'You can't be naive': As Trump exits, a reckoning with his chaotic political legacy awaits

- January 20, 2021

Donald Trump's time in office was marked by many tumultuous events and developments, including the growing threat of far-right extremists. (Charles Deluvio photo/Unsplash)
Donald Trump's time in office was marked by many tumultuous events and developments, including the growing threat of far-right extremists. (Charles Deluvio photo/Unsplash)

It’s been more than five years since President Donald Trump descended the escalator in Trump Tower in Manhattan to announce his presidential campaign. At the time, most of the country scoffed and dismissed his candidacy as dead on arrival. After running a campaign like no other, he won the 2016 election.

Four years after being sworn into the office of the President of the United States, Trump leaves office today on January 20, 2021, having overseen an era of political history that contained unthinkable events and brought attention to the growing threat of far-right extremism.

Dalhousie sponsored a panel Tuesday on the eve of President-Elect Joe Biden’s inauguration, inviting distinguished experts, including a Kentucky state senator, to discuss the phenomena of ‘Trumpism’ and what the future will hold in the context of the January 6 riot in Washington D.C.

Theresa Rajack-Talley, Dal’s vice-provost of equity and inclusion and panel moderator, opened with remarks addressing the extraordinary insurrection at the capitol building.

“It’s horrifying and shocking, but not surprising,” she said.

Thriving on chaos

Kentucky state Senator Gerald Neal, a Democrat, joined the conversation and offered his take on how Trump’s brand of politics fits into the United States’s historical and social framework.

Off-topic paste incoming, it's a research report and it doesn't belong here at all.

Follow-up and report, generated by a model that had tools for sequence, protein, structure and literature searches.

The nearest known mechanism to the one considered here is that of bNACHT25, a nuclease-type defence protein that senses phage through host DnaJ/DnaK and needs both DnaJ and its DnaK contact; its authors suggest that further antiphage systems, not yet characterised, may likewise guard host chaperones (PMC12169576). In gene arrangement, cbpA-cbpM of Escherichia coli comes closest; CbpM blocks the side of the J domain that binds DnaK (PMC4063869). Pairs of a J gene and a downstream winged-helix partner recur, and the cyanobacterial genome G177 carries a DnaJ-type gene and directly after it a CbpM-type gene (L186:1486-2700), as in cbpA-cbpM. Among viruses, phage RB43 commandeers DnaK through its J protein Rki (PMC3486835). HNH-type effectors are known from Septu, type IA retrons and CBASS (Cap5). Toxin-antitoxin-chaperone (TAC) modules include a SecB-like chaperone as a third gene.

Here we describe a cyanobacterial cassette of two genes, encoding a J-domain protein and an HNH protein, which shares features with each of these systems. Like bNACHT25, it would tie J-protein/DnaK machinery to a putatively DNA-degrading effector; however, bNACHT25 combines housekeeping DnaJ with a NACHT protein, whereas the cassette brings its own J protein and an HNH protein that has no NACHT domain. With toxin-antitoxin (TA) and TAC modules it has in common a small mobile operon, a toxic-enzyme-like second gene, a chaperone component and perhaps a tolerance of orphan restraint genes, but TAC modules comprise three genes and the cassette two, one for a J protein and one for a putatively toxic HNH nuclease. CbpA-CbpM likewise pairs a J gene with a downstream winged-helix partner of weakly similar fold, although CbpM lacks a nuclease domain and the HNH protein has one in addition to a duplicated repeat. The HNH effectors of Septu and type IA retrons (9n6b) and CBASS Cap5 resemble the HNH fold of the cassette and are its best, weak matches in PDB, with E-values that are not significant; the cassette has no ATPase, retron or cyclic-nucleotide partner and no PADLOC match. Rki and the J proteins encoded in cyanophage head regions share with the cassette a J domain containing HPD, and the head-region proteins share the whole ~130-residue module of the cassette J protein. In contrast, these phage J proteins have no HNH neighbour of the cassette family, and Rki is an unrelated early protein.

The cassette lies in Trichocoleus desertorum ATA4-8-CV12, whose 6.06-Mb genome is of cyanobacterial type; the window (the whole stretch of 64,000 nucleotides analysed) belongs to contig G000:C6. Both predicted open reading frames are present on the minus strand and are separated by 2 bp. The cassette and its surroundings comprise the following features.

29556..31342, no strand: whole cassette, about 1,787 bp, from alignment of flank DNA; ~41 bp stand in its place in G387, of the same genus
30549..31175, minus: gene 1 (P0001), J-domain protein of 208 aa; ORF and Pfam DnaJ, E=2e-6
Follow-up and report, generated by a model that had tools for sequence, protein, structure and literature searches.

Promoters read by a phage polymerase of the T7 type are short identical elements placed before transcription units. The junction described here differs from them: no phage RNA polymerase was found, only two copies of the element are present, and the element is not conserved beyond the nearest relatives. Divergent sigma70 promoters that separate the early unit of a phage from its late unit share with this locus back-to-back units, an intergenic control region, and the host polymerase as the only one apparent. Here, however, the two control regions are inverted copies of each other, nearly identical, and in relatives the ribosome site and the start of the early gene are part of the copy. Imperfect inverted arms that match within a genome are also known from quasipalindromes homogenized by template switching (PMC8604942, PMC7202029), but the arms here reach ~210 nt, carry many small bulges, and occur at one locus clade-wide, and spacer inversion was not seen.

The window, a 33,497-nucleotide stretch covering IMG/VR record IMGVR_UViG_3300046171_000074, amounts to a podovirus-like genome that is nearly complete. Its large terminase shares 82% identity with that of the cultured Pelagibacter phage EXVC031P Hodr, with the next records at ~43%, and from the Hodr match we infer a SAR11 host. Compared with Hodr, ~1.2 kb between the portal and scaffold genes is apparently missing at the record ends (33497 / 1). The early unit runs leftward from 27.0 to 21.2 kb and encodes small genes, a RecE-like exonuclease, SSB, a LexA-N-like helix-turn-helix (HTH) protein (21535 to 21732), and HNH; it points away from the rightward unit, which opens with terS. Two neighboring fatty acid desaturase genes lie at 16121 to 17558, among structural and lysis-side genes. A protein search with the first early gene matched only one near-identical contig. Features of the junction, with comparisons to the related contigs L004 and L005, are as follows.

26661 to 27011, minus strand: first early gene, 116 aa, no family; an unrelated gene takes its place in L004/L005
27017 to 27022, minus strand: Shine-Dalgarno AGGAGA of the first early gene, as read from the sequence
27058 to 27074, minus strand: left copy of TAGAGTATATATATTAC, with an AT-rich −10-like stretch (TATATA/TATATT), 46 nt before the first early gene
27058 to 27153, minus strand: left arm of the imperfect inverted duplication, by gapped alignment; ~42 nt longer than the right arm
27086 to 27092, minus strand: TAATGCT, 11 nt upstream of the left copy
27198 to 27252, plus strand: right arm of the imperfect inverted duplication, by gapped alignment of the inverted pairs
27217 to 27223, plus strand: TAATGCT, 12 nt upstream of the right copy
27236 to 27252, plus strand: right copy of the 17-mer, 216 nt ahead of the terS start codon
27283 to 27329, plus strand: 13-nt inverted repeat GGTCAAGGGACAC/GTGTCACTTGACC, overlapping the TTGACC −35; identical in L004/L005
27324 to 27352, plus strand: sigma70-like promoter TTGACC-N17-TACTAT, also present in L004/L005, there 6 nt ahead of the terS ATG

“This individual has no moral centre,” Senator Neal said about Trump. “He also takes advantage of an environment of chaos.”

Throughout his campaign, President Trump consistently spread lies, suggesting the results of the election can’t be trusted. After he lost, he purported that his loss was illegitimate.

“He maintained, ‘Well, if I don’t win, then there must have been fraud,’ Senator Neal said. “He set the predicate before the election.”

Isaac Saney, director of Dal’s Transition Year Program, connected Trump’s assertions of election fraud with the systematic disenfranchisement of African Americans and their impact on the election results.

“In a sense, it’s the idea that, yes, he was cheated, because African Americans exercised their limited right of voting under what we might consider ‘bourgeois democracy’,” said Dr. Saney.

Trumpism as anti-democratic

Rachel Brickner, a professor in the Department of Politics at Acadia University, says we can “define ‘Trumpism’ as a political process or political project that is fundamentally anti-democratic.”

“It’s fueled by a disconnect from truth and perpetuated through media, social media and the right-wing media ecosystem,” Dr. Brickner said.

Dr. Brickner noted the importance of lies as a core component of ‘Trumpism,’ but all of the attendees cited in their remarks the significance of the United States’s history of white supremacy in the context of the Trump era, especially how entrenched it is in the country’s institutions.

“The most widely circulated images lead us to overlook that the riot was supported and facilitated by law enforcement officers, veterans, military personnel and Republican lawmakers,” said Dr. Lisa Skitolsky, the Simon and Riva Spatz visiting chair of Jewish Studies at Dalhousie.

An uncertain future

To conclude, the panel turned towards a discussion of the future. Senator Neal recognized it seems that U.S. constitution and system of government is under attack, but he believes ultimately it will prevail.

Alex Khasnabish, an associate professor in the Department of Sociology and Anthropology at Mount Saint Vincent University, echoed other panelists’ uncertainty about the future and said Biden’s election won’t eradicate the far right.

“I think over the next few years we’re going to see a real (…) doubling down of this movement and real turn towards directly confrontational conflict with the state,” said Dr. Khasnabish.

Many of attendees offered their visions of a positive future, suggesting increased community organizing and the results of the 2020 election indicate there’s still a chance for appropriately reckoning with the crisis in American society.

“You’ve got to be hopeful, but you can’t be naive,” Senator Neal said.


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